G&T education has been a precursor of personalised learning, says Tim Dracup, head of the DfES’s Gifted and Talented Education Unit.

‘Personalisation’, ‘personalised education’, ‘personalised learning’. These three terms are used interchangeably, often with little clarity. So what exactly is personalisation and why is it so important for G&T education?

For me, ‘personalisation’ can be applied to any service sector, whereas ‘personalised education’ applies specifically to the education service or, more typically, a whole school context. ‘Personalised learning’ is that part of ‘personalised education’ which relates directly to the business of teaching and learning.

There have been many attempts to define these terms and it will help considerably if the Gilbert Review can give us a single consensus-based starting point for all future work.

My suggested starting point is David Miliband’s 2004 statement that personalised education is: ‘about tailoring education to ensure that every pupil achieves and reaches the highest standards possible. It is also about personalising the school experience to enable pupils to focus on their learning and involve the community.’

Different models have been produced to explain what this means in practice. The DfES approach has five components and is outlined at www.standards.dfes.gov.uk/personalisedlearning

The 2004 DfES pamphlet A National Conversation about Personalised Learning says that these five components ‘offer a framework for implementation: a set of tools for schools and teachers to employ contextually so as to respond to the challenges they face. We believe that these are shared principles. But we understand that practices will look different in different schools.’

Meanwhile, over at the SSAT, David Hargreaves has a model based on nine interconnected gateways. There is also material published through NCSL, BECTA and others.

Perhaps not surprisingly, Chapter 4 of the 2005 schools white paper argued that the right place to start is with existing best practice in our schools – and proceeded to set out an agenda for extending that practice to all schools, using the National Primary and Secondary Strategies as the main driver.

There has been a series of funding commitments for personalised education and related priorities totalling well over £1,000m for this financial year and next. But schools’ budgets for personalisation depend on decisions about distribution taken at local authority level, and on schools’ own decisions about how they will use the allocations they receive.

G&T education: leading the way

G&T education has been a precursor of personalised education, focused on tailoring education to meet the needs of one end of the ability spectrum. It fits comfortably within the broad approach – and even as a priority within that approach – because:

  • there is significant underachievement within the G&T population
  • there are significant achievement gaps for some subsets within that population, particularly those from disadvantaged backgrounds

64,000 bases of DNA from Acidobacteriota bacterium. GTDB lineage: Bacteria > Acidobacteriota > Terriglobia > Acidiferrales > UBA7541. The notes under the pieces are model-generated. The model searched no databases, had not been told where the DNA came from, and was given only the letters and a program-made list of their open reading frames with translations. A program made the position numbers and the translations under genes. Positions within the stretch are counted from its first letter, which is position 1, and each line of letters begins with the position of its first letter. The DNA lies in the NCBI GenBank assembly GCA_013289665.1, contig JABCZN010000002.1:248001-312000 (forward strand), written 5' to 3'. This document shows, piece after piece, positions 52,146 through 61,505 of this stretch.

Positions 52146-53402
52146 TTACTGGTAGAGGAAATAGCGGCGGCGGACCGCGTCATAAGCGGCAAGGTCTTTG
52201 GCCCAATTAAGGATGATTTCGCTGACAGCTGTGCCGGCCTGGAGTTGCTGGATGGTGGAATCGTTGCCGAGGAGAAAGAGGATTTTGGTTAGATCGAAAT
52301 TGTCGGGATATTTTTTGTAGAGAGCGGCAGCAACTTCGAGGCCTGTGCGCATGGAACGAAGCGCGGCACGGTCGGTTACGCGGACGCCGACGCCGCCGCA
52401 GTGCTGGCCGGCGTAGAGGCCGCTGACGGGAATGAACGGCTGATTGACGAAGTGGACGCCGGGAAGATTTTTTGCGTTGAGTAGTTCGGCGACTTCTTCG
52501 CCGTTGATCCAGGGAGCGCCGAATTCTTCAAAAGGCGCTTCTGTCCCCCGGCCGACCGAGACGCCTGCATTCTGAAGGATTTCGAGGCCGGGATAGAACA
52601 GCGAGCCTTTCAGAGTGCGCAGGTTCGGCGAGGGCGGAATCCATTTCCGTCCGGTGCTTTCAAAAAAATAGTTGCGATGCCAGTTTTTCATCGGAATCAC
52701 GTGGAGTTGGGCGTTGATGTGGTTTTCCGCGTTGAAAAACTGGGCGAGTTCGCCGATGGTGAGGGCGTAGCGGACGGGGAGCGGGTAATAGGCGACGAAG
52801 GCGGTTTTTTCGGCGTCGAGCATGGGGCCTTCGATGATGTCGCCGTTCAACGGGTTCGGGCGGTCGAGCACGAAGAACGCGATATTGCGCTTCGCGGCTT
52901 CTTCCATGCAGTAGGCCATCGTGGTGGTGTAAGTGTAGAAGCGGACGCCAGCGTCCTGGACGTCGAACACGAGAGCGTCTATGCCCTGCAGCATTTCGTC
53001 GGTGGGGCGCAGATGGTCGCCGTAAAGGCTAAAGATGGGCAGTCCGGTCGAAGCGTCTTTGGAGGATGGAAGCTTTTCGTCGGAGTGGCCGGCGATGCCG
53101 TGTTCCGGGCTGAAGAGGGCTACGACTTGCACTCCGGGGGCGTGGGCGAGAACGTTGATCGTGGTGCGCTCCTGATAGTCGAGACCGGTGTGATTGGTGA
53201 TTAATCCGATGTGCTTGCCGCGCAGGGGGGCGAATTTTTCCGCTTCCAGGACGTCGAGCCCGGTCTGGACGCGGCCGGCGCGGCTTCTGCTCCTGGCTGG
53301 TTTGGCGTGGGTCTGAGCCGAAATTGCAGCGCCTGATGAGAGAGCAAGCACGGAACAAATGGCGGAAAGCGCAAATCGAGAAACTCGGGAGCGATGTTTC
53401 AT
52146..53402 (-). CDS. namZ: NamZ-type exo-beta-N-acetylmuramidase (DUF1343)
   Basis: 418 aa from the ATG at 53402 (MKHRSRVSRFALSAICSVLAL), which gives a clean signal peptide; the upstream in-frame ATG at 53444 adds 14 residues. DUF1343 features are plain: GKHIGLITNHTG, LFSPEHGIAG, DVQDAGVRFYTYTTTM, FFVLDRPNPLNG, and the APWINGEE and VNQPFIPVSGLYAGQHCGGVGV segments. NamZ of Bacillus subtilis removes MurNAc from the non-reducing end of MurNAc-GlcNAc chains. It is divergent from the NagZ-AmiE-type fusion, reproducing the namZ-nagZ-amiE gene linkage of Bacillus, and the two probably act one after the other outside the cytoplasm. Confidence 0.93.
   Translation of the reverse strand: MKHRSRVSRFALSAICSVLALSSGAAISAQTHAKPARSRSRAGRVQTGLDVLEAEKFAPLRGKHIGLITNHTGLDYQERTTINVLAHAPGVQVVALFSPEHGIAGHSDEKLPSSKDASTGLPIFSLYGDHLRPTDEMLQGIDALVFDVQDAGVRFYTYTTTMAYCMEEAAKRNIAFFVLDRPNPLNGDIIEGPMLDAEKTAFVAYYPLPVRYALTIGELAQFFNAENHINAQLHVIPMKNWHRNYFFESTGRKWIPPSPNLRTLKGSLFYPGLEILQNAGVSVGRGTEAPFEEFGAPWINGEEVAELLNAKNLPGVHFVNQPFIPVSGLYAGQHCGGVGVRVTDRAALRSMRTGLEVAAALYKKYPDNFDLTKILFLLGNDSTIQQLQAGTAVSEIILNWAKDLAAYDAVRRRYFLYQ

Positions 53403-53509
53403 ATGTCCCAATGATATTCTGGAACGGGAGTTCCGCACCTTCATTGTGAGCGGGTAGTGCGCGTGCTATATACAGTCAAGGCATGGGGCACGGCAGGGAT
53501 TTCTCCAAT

• the G&T population is a diverse and disparate group, with widely differing needs
  • it is harder for schools to tailor education to meet the needs of G&T learners and others who are furthest away from the norm.

The role of the leading teacher

Regular readers of G&T Update will know about the reforms we are introducing to secure a coherent national approach to G&T education.

  • During 2007, all secondary and primary schools – the latter in groups – will be asked to identify a leading teacher for G&T education.
  • All leading teachers will be trained in autumn 2007. The National Strategies will train LA leads and they, in turn, will train leading teachers across their LA. Venues will be decided by the LA leads.
  • The SLT of each school will decide how leading teacher responsibility should be reflected in their management structures.
  • As part of their training, leading teachers will be expected to produce an improvement plan for G&T education that can be slotted into the improvement plans of the schools they serve.
  • Training will be free to schools, but they will need to budget for supply costs and allocate resources to deliver the improvement plan, drawing on the personalisation funding referred to above.
  • Training will include: two half-days face-to-face (although LAs can offer more if they wish), plus a set of core e-learning modules. There will also be access to a range of optional e-learning modules.

The new managing contractor for G&T

CfBT Education Trust, as the new managing contractor for G&T education, will work under contract to the DfES. The role of the managing contractor is to:

  • manage all existing contracts currently held by the GTEU at DfES with partners delivering services for G&T learners, families and educators, including NAGTY and LGT
  • reprocure those services when existing contracts expire and procure new services to fill gaps in the market
  • manage a small range of central services
  • provide evidence-based policy advice to DfES.

Where service providers are not under contract to the GTEU at DfES, for example, NACE in respect of the Challenge Award, those providers are unaffected, but the managing contractor will wish to engage with them as potential future providers of contracted services.

G&T services provided through the National Strategies lie outside this arrangement because they are delivered through the separate National Strategies contract that Capita has with the DfES. However, the managing contractor will work closely with Capita to coordinate their respective contributions.